- The Washington Times - Tuesday, September 18, 2007


Smithsonian sees more visitors, money

Fundraising and attendance are up this year at the Smithsonian Institution’s museums as its fiscal year comes to a close, acting Secretary Cristian Samper said yesterday.

The Smithsonian received about $140 million in the fiscal year that ends Sept. 30 — about $25 million more than its goal of $115 million, Mr. Samper said. At the same time, attendance increased about 9 percent, he said.

The gifts included a $10 million donation to the National Air and Space Museum for its education programs. Mr. Samper did not specify any of the major donors.

He said the institution’s financial outlook was welcome news after a year when the Smithsonian saw the embarrassing resignation of former Secretary Lawrence Small in March over questionable spending and excessive compensation.

“We were wondering if there would be any slip in our fundraising, in light of recent events,” Mr. Samper said. The increase “means we did very well.”

Also, the majority of funds for the ongoing overhaul of the National Museum of American History had been secured. The renovation involves the creation of a new skylight and atrium at the museum’s core with reorganized galleries around a new centerpiece exhibit of the Star Spangled Banner.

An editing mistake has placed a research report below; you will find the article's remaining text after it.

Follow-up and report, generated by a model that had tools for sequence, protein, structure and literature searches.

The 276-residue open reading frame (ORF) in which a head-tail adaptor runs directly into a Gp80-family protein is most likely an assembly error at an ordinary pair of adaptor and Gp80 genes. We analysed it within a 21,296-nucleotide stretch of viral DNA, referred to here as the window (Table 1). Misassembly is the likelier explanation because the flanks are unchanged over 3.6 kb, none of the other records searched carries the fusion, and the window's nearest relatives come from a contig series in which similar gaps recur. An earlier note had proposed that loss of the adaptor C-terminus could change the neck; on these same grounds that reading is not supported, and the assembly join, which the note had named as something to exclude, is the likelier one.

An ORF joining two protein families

“All the key engineering is done” at the history museum, he said. Asked whether it would reopen on time in July, Mr. Samper knocked on a wooden table. “So far, so good.”

Fenty OKs deal on SE hospital

D.C. Mayor Adrian M. Fenty yesterday agreed to a deal that would facilitate the sale of the District’s only hospital east of the Anacostia River.

Under the terms of the agreement — which must be approved by the D.C. Council — the District would invest $79 million in Greater Southeast Community Hospital to allow Specialty Hospitals of America to purchase it from Envision Hospital Corp.

The District’s funding includes lending $20 million to Specialty for day-to-day operations of the hospital that the company would pay back over 10 years.

Also, $29 million from the city would go to pay off the hospital’s debts, while $30 million will pay for equipment and renovations at the facility.

“This is truly a public/private partnership to benefit the residents of the District of Columbia, particularly those living east of the Anacostia River,” Mr. Fenty said.